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Slieve Binnian Mountain Sliabh Binneáin A name in Irish
(Ir. Sliabh Binneáin [PNNI], 'mountain of the small peak') Down County in NI and in Ulster Province, in Arderin, Vandeleur-Lynam, Irish Highest Hundred Lists, Granite granophyre Bedrock

Height: 745.9m OS 1:50k Mapsheet: 29 Grid Reference: J32055 23314
Place visited by 707 members. Recently by: rdkernan, tmcg, Jai-mckinney, ElaineM76, derekpkearney, abeach, Carolyn105, Bunsen7, cdpevans, Haulie, elclaudio, MickM45, JRyan, srr45, Mags-Collins
I have visited this place: NO (You need to be a logged-in member to change this.)

Longitude: -5.980057, Latitude: 54.141928 , Easting: 332056, Northing: 323314 Prominence: 281.88m,  Isolation: 0.6km
ITM: 731976 823320,   GPS IDs, 6 char: SlvBnn, 10 char: SlvBnn
Bedrock type: Granite granophyre, (Mourne Mountains granite)

Also simply known as Binnion/Binneán. Dominates views of the Mourne Mountains from Annalong and Kilkeel. The folklore of Mourne explains the name Beanna Boirche as 'peaks of Boirche', a personal name. This character is said to have ruled his kingdom from Slieve Binnian. The name Binneán refers to the rocky tors which outcrop along the summit ridge. E. Estyn Evans, in his book Mourne Country, gives the name of one of these tors as The Buckie. In a discussion of the boats used at Kilkeel and other ports along the Co. Down coast, he explains the name as follows: Other variants of the lugger which old salts speak of, all of them of Scottish types, were the Fifie, Zulu, Banff and Buckie. One of the lesser tors on the long spine of Slieve Binnian is known as the Buckie, a name which was meaningless to me until I saw it from the east against the sky and recognised a vessel in full sail [Estyn Evans, 159]. On the facing page is a sketch showing Slieve Binnian's backbone seen from the east including the Buckie.   Slieve Binnian is the third highest mountain in the Mourne Mountains area and the 79th highest in Ireland. Slieve Binnian is the third highest point in county Down.

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So many Binnians, so little time .. by group   (Show all for Slieve Binnian) Picture about mountain Slieve Binnian in area Mourne Mountains, Ireland
Picture: Approaching the summit tor on Slieve Binnian
kernowclimber on Slieve Binnian, 2010
by kernowclimber  21 Feb 2010
We set off on 20th February from Carrick Little Car Park at around 2.00pm for the summit of Slieve Binnian. The weather was calm, cold but sunny. The Mournes were fog free, but a bank of fog out on the Irish Sea was edging towards the Isle of Man and another was encroaching slowly from the direction of Newry.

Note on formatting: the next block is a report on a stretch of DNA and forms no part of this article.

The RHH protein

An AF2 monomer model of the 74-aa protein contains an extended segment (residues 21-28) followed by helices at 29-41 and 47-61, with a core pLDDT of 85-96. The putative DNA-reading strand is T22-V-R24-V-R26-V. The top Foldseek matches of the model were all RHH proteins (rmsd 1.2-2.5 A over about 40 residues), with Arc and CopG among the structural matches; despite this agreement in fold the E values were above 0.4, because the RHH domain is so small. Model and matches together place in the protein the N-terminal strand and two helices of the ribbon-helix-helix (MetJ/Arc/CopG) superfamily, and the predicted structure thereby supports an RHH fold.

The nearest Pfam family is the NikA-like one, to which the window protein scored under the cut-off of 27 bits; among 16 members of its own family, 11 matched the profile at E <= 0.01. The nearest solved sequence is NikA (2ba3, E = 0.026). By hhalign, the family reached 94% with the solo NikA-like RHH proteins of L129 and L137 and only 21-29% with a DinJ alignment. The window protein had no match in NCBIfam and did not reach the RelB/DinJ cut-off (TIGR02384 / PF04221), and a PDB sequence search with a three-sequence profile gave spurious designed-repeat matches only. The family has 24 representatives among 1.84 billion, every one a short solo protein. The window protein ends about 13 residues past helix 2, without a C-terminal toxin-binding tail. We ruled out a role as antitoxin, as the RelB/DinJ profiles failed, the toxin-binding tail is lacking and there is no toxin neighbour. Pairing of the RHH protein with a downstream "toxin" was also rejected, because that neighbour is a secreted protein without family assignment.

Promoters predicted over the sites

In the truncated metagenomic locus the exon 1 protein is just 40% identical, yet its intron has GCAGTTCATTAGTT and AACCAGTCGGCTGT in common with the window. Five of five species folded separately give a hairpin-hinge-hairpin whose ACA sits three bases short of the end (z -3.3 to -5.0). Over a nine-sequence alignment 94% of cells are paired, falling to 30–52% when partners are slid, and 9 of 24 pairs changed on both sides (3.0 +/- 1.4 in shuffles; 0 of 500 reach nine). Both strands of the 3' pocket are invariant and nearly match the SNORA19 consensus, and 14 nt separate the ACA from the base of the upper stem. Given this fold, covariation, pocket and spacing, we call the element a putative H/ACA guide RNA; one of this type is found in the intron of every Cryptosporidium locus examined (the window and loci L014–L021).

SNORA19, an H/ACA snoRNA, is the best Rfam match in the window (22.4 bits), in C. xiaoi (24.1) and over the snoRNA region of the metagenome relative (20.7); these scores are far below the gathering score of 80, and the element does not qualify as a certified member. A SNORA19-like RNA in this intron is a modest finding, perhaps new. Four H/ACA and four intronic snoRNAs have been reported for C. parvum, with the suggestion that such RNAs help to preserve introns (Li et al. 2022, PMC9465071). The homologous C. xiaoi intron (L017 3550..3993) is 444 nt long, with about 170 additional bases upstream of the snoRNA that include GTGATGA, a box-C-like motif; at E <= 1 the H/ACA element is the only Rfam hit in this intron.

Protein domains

We made our way along a muddy farm road and across a stile to continue up the Annalong Valley walking parallel to a fence and then close to the Annalong Woods. The track was quite rugged underfoot and boggy in places but infinitely preferable to the ‘pathway’ the National Trust has laid on the route up to Slieve Donard from Newcastle. As we advanced it became quite icy underfoot and day old snow adhered to the rocks and vegetation on and near the path.
Close to Blue Lough which was frozen, we took the left-hand path towards the saddle between Slievelamagan and North Tor. There is a large boulder here that is fun to clamber onto and offers fine views over the Ben Crom Reservoir. We scrambled up a steep rocky pathway covered with snow towards North Tor, deviating slightly at the top to take in the fabulous view down over the Ben Crom Reservoir. Freshly made rabbits’ paw prints were imprinted in the snow that crisply covered the hillside and glistened magically in the late afternoon sunshine. By now a blanket of impenetrable fog was making its way stealth-like from the direction of the Silent Valley and was slowly encroaching on the Ben Crom Reservoir.
We climbed higher and passed beneath the towering hulk of North Tor towards the Back Castles that were encrusted in snow and small icicles and looked as if they had been foam blasted. Squeezing through a narrow gap between two huge boulders we gained our first view of a frigid Binnian Lough and Slieve Binnian above with its jagged tors drifting in and out of view like an apparition through wisps of fog being blown up from the valley below.
We followed the ridge towards the summit through quite thick snow that had drifted in places, scrambling up onto the tor as the sun was beginning to set. From the summit we were exhilarated to find that we were looking down on dense cloud as if from an airplane. Illuminated eerily by the setting sun, the fog had surrounded Slieve Binnian and only the tops of the highest mountains including Slieve Donard and Slieve Bearnagh were visible.
We made our descent eastwards from the summit down a steep and very slippery snow covered rocky slope to the Mourne Wall that we followed down in the twilight to the iron gate and the stile to connect with the path leading back to the car park. This was undoubtedly the best winter walk we have made so far this winter which took us just under 5 hours. The ruggedness and majesty of the Mournes is breathtaking and apart from one or two walkers in the valley, we had the hills entirely to ourselves. Linkback:
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Carrick Little carpark at J 345219 C was the .. by wicklore   (Show all for Slieve Binnian)
Slieve Binnian has several spectacular rocky summ .. by djouce   (Show all for Slieve Binnian)
Top of Binnian, close to the end of a long but ve .. by Jaak   (Show all for Slieve Binnian)
The views towards Annalong from the summit of Bin .. by shippy   (Show all for Slieve Binnian)
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